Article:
Heaps get a bad rap but is it justified? Most of the time, I’d say the answer is “yes.” Let’s dive into some heap scenarios.
What is a Heap?
A table is considered a heap when it is created without a clustered index. Data isn’t in any type of ordered state. Some data is over here, some data is over there.
When you are inserting data into a heap, that data is tossed in wherever. Think of it like your junk drawer. It’s not organized into its own little sections. What do you do when you have something to add such as a pair of scissors or an old pen? You open the drawer, toss it in, and close it up without giving it a second thought.
That’s not necessarily a bad thing. If you’re inserting data into staging tables, this can be faster compared to inserting into a clustered index. When you need to frequently track that data down and dig through the junk drawer is when you may run into issues.
Check for Heaps
You can run the following script against sys.indexes to check for heaps in a database:
SELECT OBJECT_NAME(object_id) as 'table', type_desc FROM sys.indexes WHERE type_desc = 'HEAP'; GO
A Quick Fix?
You’ve done some testing in a non-prod environment and decided that you have a heap that would be better suited as a table with a clustered index. You can just write that CREATE INDEX statement, execute, and be good to go, right? Maybe…maybe not.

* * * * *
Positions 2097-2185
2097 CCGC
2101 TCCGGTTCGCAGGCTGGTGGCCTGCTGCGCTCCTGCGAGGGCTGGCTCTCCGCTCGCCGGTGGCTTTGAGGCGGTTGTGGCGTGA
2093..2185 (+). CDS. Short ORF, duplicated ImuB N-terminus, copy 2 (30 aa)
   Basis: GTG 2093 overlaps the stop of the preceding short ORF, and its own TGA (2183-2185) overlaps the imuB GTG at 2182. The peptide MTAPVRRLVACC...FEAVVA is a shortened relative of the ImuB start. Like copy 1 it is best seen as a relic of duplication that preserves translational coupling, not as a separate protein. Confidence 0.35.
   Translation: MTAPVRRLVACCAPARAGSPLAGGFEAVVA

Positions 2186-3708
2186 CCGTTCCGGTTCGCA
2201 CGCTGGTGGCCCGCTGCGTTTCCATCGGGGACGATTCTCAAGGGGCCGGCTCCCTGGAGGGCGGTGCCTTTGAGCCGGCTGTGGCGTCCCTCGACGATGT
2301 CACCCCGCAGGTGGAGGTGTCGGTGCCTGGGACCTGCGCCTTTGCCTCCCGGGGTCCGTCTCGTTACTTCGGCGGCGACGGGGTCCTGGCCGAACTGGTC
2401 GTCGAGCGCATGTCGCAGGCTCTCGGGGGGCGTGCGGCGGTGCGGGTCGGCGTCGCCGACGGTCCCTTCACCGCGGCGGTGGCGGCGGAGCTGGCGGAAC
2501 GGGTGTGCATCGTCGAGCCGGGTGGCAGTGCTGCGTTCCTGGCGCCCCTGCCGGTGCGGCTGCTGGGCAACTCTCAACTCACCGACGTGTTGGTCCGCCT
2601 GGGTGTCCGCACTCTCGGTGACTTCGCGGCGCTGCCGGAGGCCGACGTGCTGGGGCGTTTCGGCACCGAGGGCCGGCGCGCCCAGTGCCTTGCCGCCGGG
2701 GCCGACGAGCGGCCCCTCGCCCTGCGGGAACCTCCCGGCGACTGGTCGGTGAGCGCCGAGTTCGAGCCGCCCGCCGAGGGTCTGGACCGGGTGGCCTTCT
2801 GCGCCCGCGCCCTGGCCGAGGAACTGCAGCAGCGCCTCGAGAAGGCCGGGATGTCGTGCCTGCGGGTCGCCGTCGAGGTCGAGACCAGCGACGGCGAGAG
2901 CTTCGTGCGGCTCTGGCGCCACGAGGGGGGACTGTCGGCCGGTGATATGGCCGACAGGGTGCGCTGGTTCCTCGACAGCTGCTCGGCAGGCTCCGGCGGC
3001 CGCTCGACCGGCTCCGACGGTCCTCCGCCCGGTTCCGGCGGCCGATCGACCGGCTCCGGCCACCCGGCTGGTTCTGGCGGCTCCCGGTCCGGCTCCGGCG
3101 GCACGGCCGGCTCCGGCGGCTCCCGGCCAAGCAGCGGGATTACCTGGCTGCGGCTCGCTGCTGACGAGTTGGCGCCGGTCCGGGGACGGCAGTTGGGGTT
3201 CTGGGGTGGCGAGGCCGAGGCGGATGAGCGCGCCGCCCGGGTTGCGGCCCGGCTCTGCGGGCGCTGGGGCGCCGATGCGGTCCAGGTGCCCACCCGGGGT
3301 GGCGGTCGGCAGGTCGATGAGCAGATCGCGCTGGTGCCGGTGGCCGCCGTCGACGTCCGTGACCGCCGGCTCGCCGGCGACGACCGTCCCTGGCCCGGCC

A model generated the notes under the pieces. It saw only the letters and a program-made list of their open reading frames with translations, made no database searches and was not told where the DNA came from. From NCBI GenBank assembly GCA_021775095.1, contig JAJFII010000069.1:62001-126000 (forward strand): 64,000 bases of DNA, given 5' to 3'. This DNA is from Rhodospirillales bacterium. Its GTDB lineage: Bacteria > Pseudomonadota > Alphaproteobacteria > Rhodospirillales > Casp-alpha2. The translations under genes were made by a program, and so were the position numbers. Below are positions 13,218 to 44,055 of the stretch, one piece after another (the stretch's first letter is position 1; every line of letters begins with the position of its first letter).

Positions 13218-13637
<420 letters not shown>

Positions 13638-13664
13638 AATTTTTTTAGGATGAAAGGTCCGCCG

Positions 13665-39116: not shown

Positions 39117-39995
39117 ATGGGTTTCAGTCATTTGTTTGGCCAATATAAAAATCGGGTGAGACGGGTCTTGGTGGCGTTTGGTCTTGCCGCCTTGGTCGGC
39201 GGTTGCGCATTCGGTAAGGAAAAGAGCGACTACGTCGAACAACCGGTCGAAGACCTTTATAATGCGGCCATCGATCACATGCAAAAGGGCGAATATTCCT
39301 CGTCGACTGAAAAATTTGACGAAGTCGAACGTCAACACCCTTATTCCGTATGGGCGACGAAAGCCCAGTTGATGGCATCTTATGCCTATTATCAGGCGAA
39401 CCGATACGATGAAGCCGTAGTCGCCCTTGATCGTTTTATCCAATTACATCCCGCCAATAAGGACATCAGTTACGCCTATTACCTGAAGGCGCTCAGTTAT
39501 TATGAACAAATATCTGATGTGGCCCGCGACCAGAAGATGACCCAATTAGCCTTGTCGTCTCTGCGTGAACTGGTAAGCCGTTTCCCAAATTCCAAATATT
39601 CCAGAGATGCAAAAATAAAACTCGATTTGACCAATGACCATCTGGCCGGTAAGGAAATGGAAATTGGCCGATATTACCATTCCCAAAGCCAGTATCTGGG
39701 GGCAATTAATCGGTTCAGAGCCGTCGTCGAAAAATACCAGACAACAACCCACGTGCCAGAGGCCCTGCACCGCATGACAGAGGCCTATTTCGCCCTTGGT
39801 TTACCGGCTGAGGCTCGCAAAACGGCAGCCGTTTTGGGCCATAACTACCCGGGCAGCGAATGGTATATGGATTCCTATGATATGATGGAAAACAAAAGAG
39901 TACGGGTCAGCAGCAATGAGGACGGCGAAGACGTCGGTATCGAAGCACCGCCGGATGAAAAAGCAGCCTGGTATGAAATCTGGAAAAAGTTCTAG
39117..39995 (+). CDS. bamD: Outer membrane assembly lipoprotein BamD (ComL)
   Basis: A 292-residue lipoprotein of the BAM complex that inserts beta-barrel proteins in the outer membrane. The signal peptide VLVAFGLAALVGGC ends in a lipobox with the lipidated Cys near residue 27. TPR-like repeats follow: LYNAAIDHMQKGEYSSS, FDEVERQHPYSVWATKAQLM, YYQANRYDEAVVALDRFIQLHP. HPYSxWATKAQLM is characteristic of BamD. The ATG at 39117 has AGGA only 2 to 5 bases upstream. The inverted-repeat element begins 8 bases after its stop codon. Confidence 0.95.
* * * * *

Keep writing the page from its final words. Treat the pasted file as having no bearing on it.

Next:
SQL Server is going to have to read the whole heap of data, sort it into the right order based on how you’re defining the clustered index, and write it back. Nonclustered indexes on the table are also going to be rebuilt.
If you’re performing this operation on an enormous table, that process could utilize a significant amount of your servers resources and there could be a bit of pain involved. I know “enormous” is relative so what’s slow on one server might be fine on another. Just don’t assume every clustered index created on a heap will take seconds. Do the right thing and thoroughly test so that you don’t create more problems while the clustered index is being created.
Make sure to test and monitor after adding the clustered index to make sure that change is helping performance.
Thanks for reading!